Significant progress has been made to improve eyecare outcomes for Aboriginal and Torres Strait Islander people but service shortfalls and equity gaps remain, according to the 10th annual update on the Roadmap to Close the Gap for Vision.
As a result of the work to close the gap, eye examinations have increased from 81,713 in 2013—2014 to 104,300 in 2019—2020, with a steady increase in the number of cataract surgeries.
The trachoma program for children has demonstrated the most success, with the annual report showing there were 54 ‘hot spots’ – prevalence of active trachoma of 20% or more in children aged 1-9 years — in 2008, which dropped to 16 in 2020.
The report identified 205 communities with or at risk of trachoma in 2008, and only 65 in 2020.
Professor Hugh Taylor, Harold Mitchell Professor of Indigenous Eye Health at the University of Melbourne, said the report reflected a decade of hard work.
“I am very pleased to report the significant progress that has been made in implementing the Roadmap to Close the Gap for Vision over the past year and over the previous 10 years,” he said.
“The 2021 report highlights the hard work of the community and eyecare sectors across Australia to implement change and to work together to improve eye health outcomes for Aboriginal and Torres Strait Islander Australians,” he said.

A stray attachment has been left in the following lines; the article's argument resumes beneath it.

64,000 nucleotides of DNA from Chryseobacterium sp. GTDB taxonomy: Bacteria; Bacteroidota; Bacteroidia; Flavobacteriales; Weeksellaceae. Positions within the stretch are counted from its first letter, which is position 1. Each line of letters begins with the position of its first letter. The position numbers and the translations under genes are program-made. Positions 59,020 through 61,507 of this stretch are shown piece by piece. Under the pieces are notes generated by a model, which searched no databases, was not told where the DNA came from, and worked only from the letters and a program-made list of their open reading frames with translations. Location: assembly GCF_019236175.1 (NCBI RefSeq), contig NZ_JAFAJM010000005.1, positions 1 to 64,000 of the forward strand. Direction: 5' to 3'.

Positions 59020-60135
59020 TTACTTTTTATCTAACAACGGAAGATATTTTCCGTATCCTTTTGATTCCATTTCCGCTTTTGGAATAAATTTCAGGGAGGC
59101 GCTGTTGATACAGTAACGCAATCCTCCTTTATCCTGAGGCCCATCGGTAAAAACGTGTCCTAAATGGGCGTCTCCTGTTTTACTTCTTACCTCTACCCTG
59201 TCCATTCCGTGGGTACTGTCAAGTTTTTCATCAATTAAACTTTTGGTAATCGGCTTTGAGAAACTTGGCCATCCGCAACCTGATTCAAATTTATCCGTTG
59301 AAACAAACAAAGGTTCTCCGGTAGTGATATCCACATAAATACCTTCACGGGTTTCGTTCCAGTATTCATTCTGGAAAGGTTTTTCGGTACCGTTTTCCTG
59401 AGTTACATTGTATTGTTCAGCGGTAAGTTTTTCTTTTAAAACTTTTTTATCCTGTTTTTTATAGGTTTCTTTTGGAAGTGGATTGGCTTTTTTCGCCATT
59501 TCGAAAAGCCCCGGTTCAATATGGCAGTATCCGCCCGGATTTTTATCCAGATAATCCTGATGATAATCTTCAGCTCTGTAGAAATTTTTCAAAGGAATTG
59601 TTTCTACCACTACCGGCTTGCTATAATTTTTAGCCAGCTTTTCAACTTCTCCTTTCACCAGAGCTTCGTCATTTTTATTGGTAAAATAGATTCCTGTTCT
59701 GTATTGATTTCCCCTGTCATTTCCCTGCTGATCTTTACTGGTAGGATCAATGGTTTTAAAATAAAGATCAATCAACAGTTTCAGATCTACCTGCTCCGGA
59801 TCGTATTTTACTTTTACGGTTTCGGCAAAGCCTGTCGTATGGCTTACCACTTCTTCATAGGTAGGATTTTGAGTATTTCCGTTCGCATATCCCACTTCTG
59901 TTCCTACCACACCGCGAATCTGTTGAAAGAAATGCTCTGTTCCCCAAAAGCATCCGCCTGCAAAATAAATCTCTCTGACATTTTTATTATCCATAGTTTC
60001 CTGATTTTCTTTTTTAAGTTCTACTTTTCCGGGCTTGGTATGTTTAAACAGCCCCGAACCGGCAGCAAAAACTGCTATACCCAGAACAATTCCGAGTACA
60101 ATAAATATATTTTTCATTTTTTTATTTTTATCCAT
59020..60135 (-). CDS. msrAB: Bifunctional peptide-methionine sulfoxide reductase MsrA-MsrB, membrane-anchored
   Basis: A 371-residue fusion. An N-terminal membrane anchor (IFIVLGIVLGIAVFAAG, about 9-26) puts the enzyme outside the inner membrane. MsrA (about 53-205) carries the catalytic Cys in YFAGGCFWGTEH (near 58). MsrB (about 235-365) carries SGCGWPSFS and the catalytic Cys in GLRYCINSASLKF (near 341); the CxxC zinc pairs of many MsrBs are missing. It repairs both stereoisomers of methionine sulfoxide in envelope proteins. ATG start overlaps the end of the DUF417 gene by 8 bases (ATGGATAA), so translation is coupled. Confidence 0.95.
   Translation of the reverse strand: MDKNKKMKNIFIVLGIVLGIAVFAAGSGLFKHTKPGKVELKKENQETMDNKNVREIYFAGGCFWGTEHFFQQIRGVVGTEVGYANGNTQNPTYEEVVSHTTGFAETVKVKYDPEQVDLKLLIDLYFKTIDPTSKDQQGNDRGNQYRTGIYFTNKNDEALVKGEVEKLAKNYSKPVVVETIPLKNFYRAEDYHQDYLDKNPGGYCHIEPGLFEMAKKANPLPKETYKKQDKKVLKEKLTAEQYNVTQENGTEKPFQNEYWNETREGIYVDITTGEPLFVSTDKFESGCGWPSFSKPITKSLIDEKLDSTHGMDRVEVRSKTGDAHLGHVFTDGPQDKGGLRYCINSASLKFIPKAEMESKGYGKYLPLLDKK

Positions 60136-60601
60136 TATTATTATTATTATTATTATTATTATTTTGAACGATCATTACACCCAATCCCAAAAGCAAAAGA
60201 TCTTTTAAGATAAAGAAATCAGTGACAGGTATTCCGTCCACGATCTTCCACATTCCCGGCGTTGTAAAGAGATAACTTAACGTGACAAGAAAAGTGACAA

However, according to the 2021 report, there is still inequity with longer cataract surgery waiting lists for Aboriginal people than non-Aboriginal people, with waits of up to 50% longer. Diabetes eye checks show significant jurisdictional variation and are still well below non-Aboriginal people and under target rates.
“There is now Roadmap activity across the whole country. With Australian Government support for the remaining recommendations, the gap for vision can be closed and we will be well on the way to end avoidable blindness in Indigenous communities by 2025, the goal set by Australia’s Long Term National Health Plan,” Taylor said.
As part of Close the Gap, 64 regional stakeholder groups and seven groups at jurisdictional level have been established. Aboriginal Community Controlled Health Services, Aboriginal and/or Torres Islander people and other Indigenous-controlled organisations are also leading eyecare activities at regional and state levels.
“The increase in Aboriginal and Torres Strait Islander leadership of eyecare work, on all levels, is a crucial step towards ensuring the best and most appropriate models of care are available,” Taylor said.
To mark the launch of the 10th annual update on the Implementation of the Roadmap to Close the Gap for Vision, the Indigenous Eye Health Unit at the University of Melbourne invited First Nations Australians working in and with the eyecare sector to share a short video message (below).